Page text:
|Also Known As: dnote|
|Format: 37 Episodes|
|Director: Araki Tetsuro|
|Vintage: 2006 – 2007|
|Intelligence Agency Report by: Miki|
|One day, genius high school senior Light Yagami spots a notebook that has fallen on the ground with the title “Death Note” written on the cover. He’s certain that the notebook and the rules scribed inside are some kind of joke, but the idea of being able to cleanse the world of its filth by simply writing the names of criminals is too good for Light to dismiss so easily. He tries the notebook, and shockingly, it works. The public loves Light, who they’ve nicknamed “Kira,” hailing him as a hero. The police, led by Light’s own father, and L, the greatest detective in the world, have to stop the vigilante slayings and bring Kira to justice. However, with no evidence or leads, whose “justice” will prevail?|
|Field Agent Report by: Miki|
|(not an average)|
The only way to describe Death Note is as a 37-episode chess match. Drawing something like that out for so long requires many twists and turns, and it also requires all of its twists to be believable. This cat-and-mouse game between L and Light could be flawless in this regard, but it falls short in a couple very crucial ways.
First of all, even though there are a few genius characters that exist in the show, they sometimes reach conclusions they claim to be logical even though they sometimes seem contrived by the writer to advance the story or just show off the characters’ intelligence. While the latter is important, sometimes the show sacrifices keeping the viewer informed for the sake of the characters, leaving the viewer scratching their heads. Secondly, after the first two thirds or so of the show, the plot begins running out of steam. While still a solid story, it doesn’t quite reach the same level of intensity as the first part of the series.
Despite these flaws, the story is still spectacular. As Light/Kira and L creep ever closer to each other, the tension is very palpable. It becomes clear that both of them know what the other is thinking and going to do next, as well as knowing how to subvert the logic of the other. Situations arise that challenge them both to their limits and the plot builds and builds and builds until something absolutely has to break.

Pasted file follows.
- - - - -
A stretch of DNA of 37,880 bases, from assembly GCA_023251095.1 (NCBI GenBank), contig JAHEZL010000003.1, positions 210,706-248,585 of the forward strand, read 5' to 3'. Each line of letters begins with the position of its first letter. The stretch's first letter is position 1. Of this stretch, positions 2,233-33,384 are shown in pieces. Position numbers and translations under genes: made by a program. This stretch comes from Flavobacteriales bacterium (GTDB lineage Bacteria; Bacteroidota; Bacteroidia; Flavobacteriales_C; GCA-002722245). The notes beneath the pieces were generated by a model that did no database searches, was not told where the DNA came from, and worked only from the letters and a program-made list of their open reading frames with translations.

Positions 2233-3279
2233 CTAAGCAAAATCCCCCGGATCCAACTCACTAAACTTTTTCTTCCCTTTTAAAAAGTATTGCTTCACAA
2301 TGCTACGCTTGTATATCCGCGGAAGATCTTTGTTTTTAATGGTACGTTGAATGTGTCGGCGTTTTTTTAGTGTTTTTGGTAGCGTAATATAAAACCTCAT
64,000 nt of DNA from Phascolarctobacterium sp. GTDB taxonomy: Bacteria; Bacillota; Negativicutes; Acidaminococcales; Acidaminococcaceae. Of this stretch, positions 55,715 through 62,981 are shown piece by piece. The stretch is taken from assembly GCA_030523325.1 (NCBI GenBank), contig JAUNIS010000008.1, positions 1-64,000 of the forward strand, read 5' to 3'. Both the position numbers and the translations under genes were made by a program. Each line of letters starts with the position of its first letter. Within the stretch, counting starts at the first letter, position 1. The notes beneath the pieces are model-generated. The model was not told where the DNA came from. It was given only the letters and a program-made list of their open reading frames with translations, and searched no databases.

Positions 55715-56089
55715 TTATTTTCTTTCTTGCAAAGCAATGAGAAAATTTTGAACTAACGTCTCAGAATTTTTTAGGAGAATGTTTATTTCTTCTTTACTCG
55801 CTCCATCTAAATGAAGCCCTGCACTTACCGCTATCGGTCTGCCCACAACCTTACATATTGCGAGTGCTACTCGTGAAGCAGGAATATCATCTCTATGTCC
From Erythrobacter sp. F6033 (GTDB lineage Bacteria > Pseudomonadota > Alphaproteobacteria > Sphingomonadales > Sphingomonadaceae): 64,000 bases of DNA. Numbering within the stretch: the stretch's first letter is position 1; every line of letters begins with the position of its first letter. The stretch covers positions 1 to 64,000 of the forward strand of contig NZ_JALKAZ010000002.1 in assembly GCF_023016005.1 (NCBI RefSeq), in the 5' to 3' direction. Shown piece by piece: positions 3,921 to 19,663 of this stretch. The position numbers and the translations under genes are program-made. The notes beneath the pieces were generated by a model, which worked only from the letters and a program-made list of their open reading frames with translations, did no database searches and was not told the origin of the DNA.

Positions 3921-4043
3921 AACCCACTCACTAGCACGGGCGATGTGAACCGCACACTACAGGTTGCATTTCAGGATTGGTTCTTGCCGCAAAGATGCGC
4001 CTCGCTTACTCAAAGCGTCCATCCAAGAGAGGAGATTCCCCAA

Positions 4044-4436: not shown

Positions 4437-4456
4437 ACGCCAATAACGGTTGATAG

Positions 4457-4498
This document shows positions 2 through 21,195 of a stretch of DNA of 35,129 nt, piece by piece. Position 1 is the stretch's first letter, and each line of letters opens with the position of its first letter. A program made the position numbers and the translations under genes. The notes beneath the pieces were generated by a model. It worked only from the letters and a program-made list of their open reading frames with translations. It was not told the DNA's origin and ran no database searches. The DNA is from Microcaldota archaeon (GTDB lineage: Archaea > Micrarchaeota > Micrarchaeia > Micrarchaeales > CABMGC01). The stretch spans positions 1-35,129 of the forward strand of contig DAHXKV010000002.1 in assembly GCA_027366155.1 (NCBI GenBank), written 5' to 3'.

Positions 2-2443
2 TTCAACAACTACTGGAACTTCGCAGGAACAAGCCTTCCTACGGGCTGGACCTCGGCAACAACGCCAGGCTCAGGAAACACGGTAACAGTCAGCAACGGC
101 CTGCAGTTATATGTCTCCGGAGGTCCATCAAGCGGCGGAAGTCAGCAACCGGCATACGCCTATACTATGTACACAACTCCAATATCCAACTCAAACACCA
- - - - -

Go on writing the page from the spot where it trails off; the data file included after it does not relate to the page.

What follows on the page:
As for the characters, they are very well crafted and developed. For example, L is a super-genius and appropriately has odd quirks, among them his addiction to sweets, apparent insomnia, awkward handling of objects, and the unique way he sits in his chair. (relevance? “Eccentricity is often associated with genius, giftedness, or creativity.” source: http://en.wikipedia.org/wiki/Eccentricity_(behavior)) Smart characters are consistently smart, and dumb characters are… well, consistently dumb. Also, as the plot progresses, Light’s psyche is not left intact. This is a crucial element for the show as it moves into its later stages.
Visually and aurally this show is phenomenal. It makes use of a solid and very appropriate soundtrack. When you’ve got this much tension, you can expect some suspenseful and dramatic music. When you’ve got a character playing God, there’s a fair amount of chanting going on. The voice actors also do a great job, especially Mamoru Miyano (Gundam 00’s Setsuna, Ouran High School Host Club’s Tamaki, Wolf’s Rain’s Kiba) as Light and Kappei Yamaguchi (Inuyasha, Detective Conan’s Jimmy/Shinichi Kudo, Ranma ½’s Ranma) as L. They capture all the passion, patience, and cool calculation that those characters require.
The camera angles and movements used in this show are also something revolutionary. They take the seemingly most mundane actions like writing and even eating food and use obtuse angles and intense zoom-ins to show just how important they really are to what’s going on in the story, or how intense and important they are to the character carrying them out. Yes, eating food. It may sound undeserving of special focus or attention, but when you see it you understand. The character designs are very appropriate and drawn very well from all of the odd camera angles they use in the show, and it takes a really good artist to pull that off. Also, at his most emotional moments, the expressions displayed on Light’s face are absolutely terrifying. Credit for these factors goes to Obata Takeshi (Ayatsuri Sakon, Hikaru no Go), who inked them into the manga. The animation team did a perfect job translating the manga to anime form, using movement and color to really enhance the original drawings and bring them to life.
Death Note is one of the most popular anime in North America these days – and for good reason. It doesn’t disappoint, and if you decide to pass on this show because it seems overhyped, you’d be missing out on one of the best and most intelligent series to come out in the past few years.